Category: Undergraduate

Physics Students Expanding Horizons

Students on the steps of the the Curie Pavilion of the Paris Radium Institute
On the steps of Musée Curie. L-R, Back Row: Wyatt Reller, Trevor Kieft, Marc Fritts, Dalton Knight, Riley Dickert. Front Row: Sarah Huffman, Kaz Zeiter, Bethany Hellman, Casey Aldrich, Daniel Koshar.
Marie Curie’s laboratory space
A 12 hour layover in Chicago allowed for time in the city. Here, students contemplate the unique optics of Cloud Gate (better known as “The Bean”)

This spring, senior physics majors had the opportunity to visit Paris, France, a center of sciences, arts, technology and culture for centuries.

The focus of the trip was a tour of the Laboratory for Optics and Biosciences, Ecole Polytechnique. Thanks to Director François Hache for his warm welcome. LOB scientists showed how their advanced microscopy techniques are used to study molecular and cellular biology, including the imaging of living tissues.

With Ecole Polytechnique demonstrating the future of microscopy, touring the Musée Curie (Curie Museum) presented an important tie to the past. Housed in the Curie Pavilion of the Institut du Radium, the museum presents the lab in which Nobel Prize winner Marie Curie performed her research between 1914 and her death in 1934.

Students also broadened their cultural understanding with visits to the Louvre and the Palace of Versailles.

In a field with as rich a history as physics, it is important to find opportunities to understand how we fit into that history and our global community of science. Collaboration and communication with scientists worldwide is how our discipline will continue to grow.

Special thanks to the Elizabeth and Richard Henes Center for Quantum Phenomena, who’s support made this trip possible.

Physics Major Anthony Palmer Wins Best Poster at Computing [MTU] Showcase

Michigan Tech physics and applied and computational mathematics double major Anthony Palmer, along with computer science PhD candidate Elijah Cobb, won the best poster recently in the Computing [MTU] Showcase for “Universal Sensor Description Schema: An extensible metalanguage to support heterogenous, evolving sensor data.”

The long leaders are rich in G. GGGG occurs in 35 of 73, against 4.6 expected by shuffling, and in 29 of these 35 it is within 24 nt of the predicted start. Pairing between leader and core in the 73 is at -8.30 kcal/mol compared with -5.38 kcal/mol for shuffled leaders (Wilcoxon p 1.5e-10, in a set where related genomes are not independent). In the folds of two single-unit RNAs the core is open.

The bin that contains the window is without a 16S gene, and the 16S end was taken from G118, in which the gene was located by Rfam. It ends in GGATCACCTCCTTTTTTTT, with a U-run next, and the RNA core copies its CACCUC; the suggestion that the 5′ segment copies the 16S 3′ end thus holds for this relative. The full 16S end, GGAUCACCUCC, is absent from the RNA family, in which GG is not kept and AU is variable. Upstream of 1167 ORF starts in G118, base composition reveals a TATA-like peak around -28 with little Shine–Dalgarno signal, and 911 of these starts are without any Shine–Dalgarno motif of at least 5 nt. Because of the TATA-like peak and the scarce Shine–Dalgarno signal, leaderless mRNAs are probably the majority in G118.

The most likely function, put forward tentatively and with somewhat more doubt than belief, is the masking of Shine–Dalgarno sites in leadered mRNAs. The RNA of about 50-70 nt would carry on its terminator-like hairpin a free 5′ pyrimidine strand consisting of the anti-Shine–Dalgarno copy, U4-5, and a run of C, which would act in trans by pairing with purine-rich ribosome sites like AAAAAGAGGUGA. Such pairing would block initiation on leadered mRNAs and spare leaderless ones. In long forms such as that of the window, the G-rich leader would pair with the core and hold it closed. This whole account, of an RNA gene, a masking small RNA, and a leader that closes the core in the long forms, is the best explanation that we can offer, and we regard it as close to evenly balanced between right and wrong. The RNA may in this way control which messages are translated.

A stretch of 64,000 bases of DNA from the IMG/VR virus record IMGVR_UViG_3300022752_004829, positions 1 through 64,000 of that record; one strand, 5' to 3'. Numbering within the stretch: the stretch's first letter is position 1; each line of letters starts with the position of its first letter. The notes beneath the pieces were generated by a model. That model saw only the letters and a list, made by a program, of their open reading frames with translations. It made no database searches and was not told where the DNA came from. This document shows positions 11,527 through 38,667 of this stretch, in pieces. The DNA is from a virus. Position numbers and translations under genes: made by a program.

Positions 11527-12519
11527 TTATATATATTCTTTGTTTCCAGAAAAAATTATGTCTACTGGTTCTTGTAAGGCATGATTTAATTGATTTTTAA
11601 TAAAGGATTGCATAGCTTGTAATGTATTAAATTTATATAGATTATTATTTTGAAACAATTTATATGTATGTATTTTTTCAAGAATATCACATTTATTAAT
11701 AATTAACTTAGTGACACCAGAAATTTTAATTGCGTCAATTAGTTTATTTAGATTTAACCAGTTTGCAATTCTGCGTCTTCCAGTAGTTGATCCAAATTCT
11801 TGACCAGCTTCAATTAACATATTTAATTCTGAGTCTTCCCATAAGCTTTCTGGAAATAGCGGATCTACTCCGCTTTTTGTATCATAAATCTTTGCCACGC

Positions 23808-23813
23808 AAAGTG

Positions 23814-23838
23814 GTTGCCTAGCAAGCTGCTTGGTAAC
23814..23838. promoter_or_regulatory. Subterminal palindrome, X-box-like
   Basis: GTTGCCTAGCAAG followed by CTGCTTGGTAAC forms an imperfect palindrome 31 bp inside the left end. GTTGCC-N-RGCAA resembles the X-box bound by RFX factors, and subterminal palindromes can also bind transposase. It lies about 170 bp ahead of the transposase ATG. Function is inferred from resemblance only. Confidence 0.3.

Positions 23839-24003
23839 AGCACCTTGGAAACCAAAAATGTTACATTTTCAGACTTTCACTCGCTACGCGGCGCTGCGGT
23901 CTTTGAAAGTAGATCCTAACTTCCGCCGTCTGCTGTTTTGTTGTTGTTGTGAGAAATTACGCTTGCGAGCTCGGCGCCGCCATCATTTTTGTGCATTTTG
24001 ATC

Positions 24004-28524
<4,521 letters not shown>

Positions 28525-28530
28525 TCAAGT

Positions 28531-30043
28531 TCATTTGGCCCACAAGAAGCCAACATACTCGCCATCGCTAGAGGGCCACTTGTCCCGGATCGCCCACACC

Image of Anthony Palmer and Elijah Cobb in front of their poster at Michigan Tech’s Computing [MTU] Showcase
Anthony Palmer (left) and Elijah Cobb present their poster at Michigan Tech’s Computing [MTU] Showcase

Collecting and processing underwater sensor data is a critical need for U.S. Navy operations. Differences in sensor data types and forms presents a challenge for complete and accurate use of these data. The Universal Sensor Description Schema (USDS) project seeks to design, evaluate, and deploy a unified, extensible metalanguage for supporting legacy and future sensor data across multiple programming languages and environments. Michigan Tech is collaborating with Applied Research in Acoustics LLC to develop a robust programming environment for development of data-intensive applications.

Anthony came up with the idea for the project while interning at ARiA (a small research-and-development firm serving the Navy, government and industry). It’s been the basis for his senior thesis in physics. Anthony says “This project in particular has helped me learn alot about how programming languages work and are made. It also helped me learn a new functional programming language called “Racket”. Finally, it introduced me to some awesome people in the MTU computer science department including my partner Elijah Cobb and my advisor, Dr. Charles Wallace.”

Eye-opening describes the experience for Anthony.  He says, “I would say that I was surprised by the intricacy of how programming languages are built and function. I would also say that it was unexpected how useful recursion can be for solving problems in computing.” Recursion reduces time complexity, adds clarity and reduces the time needed to write and debug code.

Anthony graduates in a few short weeks. HIs attention will turn to the Navy, where he will be a submarine officer. Eventually he hopes to go into graduate school.